After her final appearance in Zurich, Maria Mutola meeting with media one last time (Bob Ramsak) © Copyright
General News Zürich, Switzerland

Mutola bids farewell in Zürich - ÅF Golden League

With the new sensation of women’s 800m running cutting loose way ahead of her, Maria Mutola tonight at the Weltklasse Zürich - ÅF Golden League meeting made a timely and emotional farewell to international athletics. Popularly known as the Maputo Express, Mutola pulled in at her final destination after a spectacular and thrilling 21-year journey.

Mutola finished fourth in a race which saw her Weltklasse meeting record, set as long ago as 1994, fall to 18-year-old Pamela Jelimo. Mutola’s 1:55.19, still her personal best, was fittingly erased by the Kenyan who is regarded as the future of the distance.

Jelimo came here direct from winning the Olympic title and, with a 1:54.01 clocking she set an African senior and World Junior record and moved up to No.3 all-time. The 35-year-old Mutola managed a highly respectable 1:58.71.

But you have to earn your stripes for the Swiss crowd in the Letzigrund Stadium and, as the athletes were introduced before the race, the biggest cheers were for Mutola. For Jelimo, it is one victory down, 11 to go. Mutola won 12 successive Weltklasse 800s from 1993 to 2004.

Sensibly not attempting to go with Jelimo’s pace, Mutola called on her long years of experience to ensure that she put a decent show in her valedictory race. Seventh at the bell, she moved up to fifth with 300m to go and, finally, into fourth place. As she crossed the line, she had given everything.

Mutola’s first reaction was to glance at the clock. It was enough to tell her that she had broken two minutes for in the region of the 200th time in her career. While the daisy-fresh teenager went on her celebration, the veteran warhorse bent over, hands on knees, steadying herself before resting on her haunches.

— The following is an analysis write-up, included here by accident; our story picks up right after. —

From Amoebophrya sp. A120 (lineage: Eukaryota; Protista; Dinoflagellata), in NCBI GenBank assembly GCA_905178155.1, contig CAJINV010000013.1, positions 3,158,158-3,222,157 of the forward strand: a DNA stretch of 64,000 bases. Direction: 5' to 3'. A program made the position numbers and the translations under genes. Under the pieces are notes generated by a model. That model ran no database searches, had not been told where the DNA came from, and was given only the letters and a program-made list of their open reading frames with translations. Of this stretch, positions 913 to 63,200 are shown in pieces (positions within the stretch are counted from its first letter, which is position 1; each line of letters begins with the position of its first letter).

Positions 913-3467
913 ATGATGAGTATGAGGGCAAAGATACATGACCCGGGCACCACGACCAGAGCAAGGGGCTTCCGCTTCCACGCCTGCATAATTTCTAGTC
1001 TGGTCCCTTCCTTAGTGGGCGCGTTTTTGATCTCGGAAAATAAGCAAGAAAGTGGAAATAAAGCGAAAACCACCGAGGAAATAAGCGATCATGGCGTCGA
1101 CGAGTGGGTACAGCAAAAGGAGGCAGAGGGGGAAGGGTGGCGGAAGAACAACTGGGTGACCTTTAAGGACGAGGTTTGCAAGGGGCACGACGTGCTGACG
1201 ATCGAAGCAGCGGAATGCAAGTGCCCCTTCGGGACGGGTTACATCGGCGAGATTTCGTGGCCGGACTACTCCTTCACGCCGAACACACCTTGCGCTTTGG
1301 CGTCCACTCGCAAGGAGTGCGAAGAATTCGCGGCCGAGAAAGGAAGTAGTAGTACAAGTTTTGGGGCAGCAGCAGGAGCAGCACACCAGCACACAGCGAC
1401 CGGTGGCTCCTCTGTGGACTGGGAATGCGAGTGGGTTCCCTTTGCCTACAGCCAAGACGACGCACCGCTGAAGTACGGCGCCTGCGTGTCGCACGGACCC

“My last race, it’s not easy to take, knowing that I have to put the spikes away,” Mutola said, having been asked what her first emotions were after the curtain came down. “But I’m so happy that I did it in Zürich and that I ran under two minutes again. Zürich has been good to me – I have won 12 races here and the crowd is very supportive."

“I have been running in athletics since I was 14 so it has been more than half of my life and, from this moment on, I have to focus on something else. It is very hard but exciting at the same time. I think it would be difficult if I didn’t know what to do from here on.”

Charitable works

Mutola plans to concentrate on her Maria Mutola Foundation project which she created with the aim of helping young children in her home country of Mozambique to take up the sport. “I am going to have more time so I hope to promote that even more now,” Mutola said.

“My goal tonight was to try to break two minutes, try to stay close to the leaders, and see what I can do. The training this season was very hard, keeping focused knowing it was my last year. Sometimes you lose concentration but I tried to keep it going, tried to keep my goals going.”

Was she sure this was her last race? “For me probably it will be the last race of all but I may do something back home to celebrate,” Mutola said. “But it will not be at a professional level, nothing serious.”

And would Mutola, who never touches alcohol, indulge tonight for once? “No, I don’t want to be crazy,” she said. She added that she would leave any celebration until she returned home.

Multiple champion and much more besides

It was 20 summers ago that a 15-year-old Mutola made her Olympic debut in Seoul, where she was eliminated in the heats. Between then and now she has been an Olympic gold medallist, 10-times World champion, and much more besides. Yet still those much-travelled legs have been churning out quality performances this year.

In the World Indoor Championships, in Valencia, in March, Mutola muscled her way onto the podium, taking third place. Two months later she was second to Jelimo in the African Championships in May. At the Olympics she was fifth, rising to the occasion with her season’s best time in the final (1:57.68).

The statistics relating to Mutola’s career are remarkable. In Beijing, she became the first athlete to contest five successive Olympic track finals; she was the first athlete to win four individual World Cup titles; she holds a record seven World Indoor titles.
At the outdoor World Championships, Mutola was three times a gold medallist; she was the Olympic champion in 2000, was twice Commonwealth Games champion, and won five African Championships golds (including one at 1500m) and three All Africa Games titles.

Although the 800m World record proved beyond her reach, Mutola was not to be denied the World record experience, taking the 1000m mark in 1995 and the indoor 1000m record twice (in 1996 and 1999); between 1992 and 1996, she won 50 successive 800m races (excluding her disqualification from the 1995 World Championships for stepping out of her lane).

However, perhaps most remarkable of allis her 17-year ever-present record at Olympics and World Championships. She hasn’t missed one, indoors or out, from the 1991 outdoor World Championships through to the Beijing Olympics, an unbroken run of 23 tournaments. Sad to say, there won’t be a 24th.

David Powell for the IAAF